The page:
Most international visitors must be fully vaccinated, and some approved exceptions must quarantine for seven days after arrival. Children under 18 don’t need a vaccine if with vaccinated adults, but they’ll be tested for COVID once here. The CDC is still posting info to its website.
NEW YORK – Thomas Rowland and his wife have spent days scouring the internet for more information on the new U.S. air travel system that goes into effect in less than two weeks.
Rowland, of Stockholm, Sweden, made plans to celebrate his birthday with a trip to Florida on Nov. 8 with his wife and 5-year-old son. The family has been planning and saving up for the trip for years, and Rowland said his son hasn’t been able to stop talking about Disney World or the beach.
But after taking a look at the fine print on the Centers for Disease Control and Prevention’s website, Rowland worried that he would have to postpone the vacation.
While the new travel rules laid out by the CDC say his son would be able to forgo the vaccination requirement since he is under 18, they also say all unvaccinated travelers will need to quarantine for seven days upon arrival.
“(It’s a) two and a half week vacation, so quarantine for seven days is not an option for us,” said Rowland, adding that he and his wife are fully vaccinated. “We’re fine with that, but we would like to know and get exact, clear information. To us, it hasn’t been that clear yet.”
He’s not the only traveler who was thrown off by the quarantine requirement. Travel forums and social media sites have been filled with travelers with unvaccinated kids wondering whether they’ll need to quarantine upon arrival.
Cindy Friedman, the CDC’s chief of the traveler’s health branch, said in a Tuesday news conference that unvaccinated children under 18 traveling with vaccinated adults will not need to quarantine but would still need to take a post-arrival test. That detail has yet to be laid out on the CDC’s website.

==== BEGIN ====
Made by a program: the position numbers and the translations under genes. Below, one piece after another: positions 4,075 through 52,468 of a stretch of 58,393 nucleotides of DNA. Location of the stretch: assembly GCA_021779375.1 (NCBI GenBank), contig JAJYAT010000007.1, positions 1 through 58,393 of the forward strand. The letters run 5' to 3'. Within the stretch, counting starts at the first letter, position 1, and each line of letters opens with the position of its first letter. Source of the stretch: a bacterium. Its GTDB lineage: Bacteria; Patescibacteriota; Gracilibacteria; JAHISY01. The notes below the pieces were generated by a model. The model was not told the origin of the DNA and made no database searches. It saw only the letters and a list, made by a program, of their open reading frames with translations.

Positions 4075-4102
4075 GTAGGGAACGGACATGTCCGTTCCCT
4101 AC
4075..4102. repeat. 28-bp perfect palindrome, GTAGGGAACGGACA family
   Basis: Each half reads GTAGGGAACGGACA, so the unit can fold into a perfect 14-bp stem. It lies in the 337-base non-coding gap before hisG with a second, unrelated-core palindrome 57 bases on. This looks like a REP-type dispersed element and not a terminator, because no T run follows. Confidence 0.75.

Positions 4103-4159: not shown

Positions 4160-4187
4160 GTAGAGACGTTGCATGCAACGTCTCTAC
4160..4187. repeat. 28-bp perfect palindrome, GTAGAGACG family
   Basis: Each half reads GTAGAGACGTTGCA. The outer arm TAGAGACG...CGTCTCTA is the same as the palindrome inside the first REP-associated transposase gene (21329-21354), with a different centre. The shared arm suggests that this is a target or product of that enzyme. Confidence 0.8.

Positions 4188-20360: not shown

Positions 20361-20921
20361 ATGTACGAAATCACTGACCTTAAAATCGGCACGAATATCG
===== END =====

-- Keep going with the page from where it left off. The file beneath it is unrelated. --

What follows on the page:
“We’re working on clarifying that in the Order,” CDC spokesperson Caitlin Shockey told USA TODAY. “It should be up later this week.”
Come Nov. 8, nearly all unvaccinated foreign nationals are going to have a hard time entering the United States.
Nearly all. There are exceptions.
While most foreign nationals who are not U.S. citizens or permanent residents will need to show proof of full vaccination before boarding a flight to the U.S., travelers who are under 18, have had an adverse reaction to a COVID-19 vaccine, or citizens of countries with limited access to COVID-19 vaccines are among a select group that will be allowed to enter the U.S. unvaccinated.
But there are trade-offs to avoiding the vaccine requirement: Unvaccinated foreign nationals face additional testing requirements and many will need to quarantine upon arrival. Failing to do so can result in penalties and fines.
Unvaccinated foreign nationals who can bypass the vaccine requirements to enter the U.S. must provide a document that details why they are exempt. The attestation document can be found on the Centers for Disease Control and Prevention’s website.
Unless they have recovered from COVID-19 within the past 90 days, these travelers must agree to be tested with a COVID-19 viral test three to five days after their arrival and self-quarantine a full seven days, even if their post-arrival test comes back negative.
Friedman, a CDC official, said unvaccinated children can skip the quarantine mandate if they travel with vaccinated adults.
The U.S. will accept nucleic acid amplification tests, such as a PCR test or antigen tests. Unvaccinated travelers who are not U.S. citizens or permanent residents must also agree to self-isolate if their post-arrival test is positive or if they develop COVID-19 symptoms.
“By filling out and signing the form, those excepted, unvaccinated travelers are attesting to making arrangements for post-arrival testing and self-quarantine,” Shockey told USA TODAY in an emailed statement.
Willfully falsifying this information can result in a maximum fine of $10,000 and/or up to five years of imprisonment.
Shockey said the form applies only to exempted foreign nationals entering the U.S.
Which travelers are exempt from the vaccine requirement?
Travelers under 18